Oil prices rebound in post-Brexit bargain hunting


Oil prices topped $48 a barrel on Tuesday as investors took advantage of a two-day slide in crude triggered by Britain's vote to leave the European Union.

The vote's impact on oil, despite sending global stocks and currencies spiraling, has so far been limited due to expectations of strong summer demand in Asia and the United States and tightening supplies after a two-year rout.

A looming strike at several Norwegian oil and gas fields which threatened to cut output in western Europe's biggest producer also helped support prices on Tuesday.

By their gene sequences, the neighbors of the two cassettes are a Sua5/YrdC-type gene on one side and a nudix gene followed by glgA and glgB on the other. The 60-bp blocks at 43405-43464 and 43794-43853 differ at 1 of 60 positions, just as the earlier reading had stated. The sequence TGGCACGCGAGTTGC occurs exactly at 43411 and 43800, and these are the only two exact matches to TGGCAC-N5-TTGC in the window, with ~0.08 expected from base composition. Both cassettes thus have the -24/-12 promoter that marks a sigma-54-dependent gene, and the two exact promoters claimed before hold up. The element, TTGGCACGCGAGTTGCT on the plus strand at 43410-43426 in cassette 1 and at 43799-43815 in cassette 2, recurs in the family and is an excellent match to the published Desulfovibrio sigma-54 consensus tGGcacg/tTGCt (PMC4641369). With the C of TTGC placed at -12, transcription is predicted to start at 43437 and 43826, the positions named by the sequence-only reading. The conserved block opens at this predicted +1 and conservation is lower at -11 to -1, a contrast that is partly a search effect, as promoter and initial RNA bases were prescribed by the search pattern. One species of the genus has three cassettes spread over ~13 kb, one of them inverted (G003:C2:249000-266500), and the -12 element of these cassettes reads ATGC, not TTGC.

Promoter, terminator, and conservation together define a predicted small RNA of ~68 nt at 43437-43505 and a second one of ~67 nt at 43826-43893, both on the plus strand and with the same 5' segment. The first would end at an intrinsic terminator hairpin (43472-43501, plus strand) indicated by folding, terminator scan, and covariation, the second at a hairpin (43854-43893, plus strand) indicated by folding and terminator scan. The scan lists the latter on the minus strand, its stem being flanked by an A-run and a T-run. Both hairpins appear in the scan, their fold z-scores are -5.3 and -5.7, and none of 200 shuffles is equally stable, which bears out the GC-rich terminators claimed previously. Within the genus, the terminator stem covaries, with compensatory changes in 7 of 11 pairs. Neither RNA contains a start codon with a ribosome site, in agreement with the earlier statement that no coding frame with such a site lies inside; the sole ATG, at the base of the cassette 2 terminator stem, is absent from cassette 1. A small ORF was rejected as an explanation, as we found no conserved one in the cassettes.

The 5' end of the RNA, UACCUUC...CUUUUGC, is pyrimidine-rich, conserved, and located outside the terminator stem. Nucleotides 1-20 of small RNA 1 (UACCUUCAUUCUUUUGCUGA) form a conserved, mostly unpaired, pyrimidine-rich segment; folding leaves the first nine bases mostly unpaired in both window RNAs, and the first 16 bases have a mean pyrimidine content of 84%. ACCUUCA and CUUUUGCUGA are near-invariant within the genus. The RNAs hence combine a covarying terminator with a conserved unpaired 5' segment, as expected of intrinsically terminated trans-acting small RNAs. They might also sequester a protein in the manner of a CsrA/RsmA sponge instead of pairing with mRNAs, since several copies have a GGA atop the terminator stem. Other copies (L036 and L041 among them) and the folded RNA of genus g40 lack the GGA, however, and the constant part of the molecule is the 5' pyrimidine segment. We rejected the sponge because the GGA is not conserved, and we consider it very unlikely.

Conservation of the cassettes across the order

Brent crude futures were up 2.5 percent, or $1.17, at $48.33 per barrel at 1116 GMT.

U.S. West Texas Intermediate (WTI) futures were 2.6 percent higher, up $1.22 at $47.55 a barrel.

A report by industry monitor Genscape that showed a 1.3 million barrel fall in crude inventories at the benchmark's pricing hub in Cushing, Oklahoma, added further support, brokerage PVM said.

Sterling and London's FTSE 100 stock market index also rose on hopes of a coordinated central bank response to financial market losses. 

"Oil is recovering on some bargain hunting after the drop below $47 a barrel proved unsustainable and news of a possible strike in Norwegian oil and gas industry," said Commerzbank analyst Carsten Fritsch.

He said the turmoil in Europe was not expected to have a "meaningful impact on the physical global supply and demand balances". (by Ron Bousso, Reuters)

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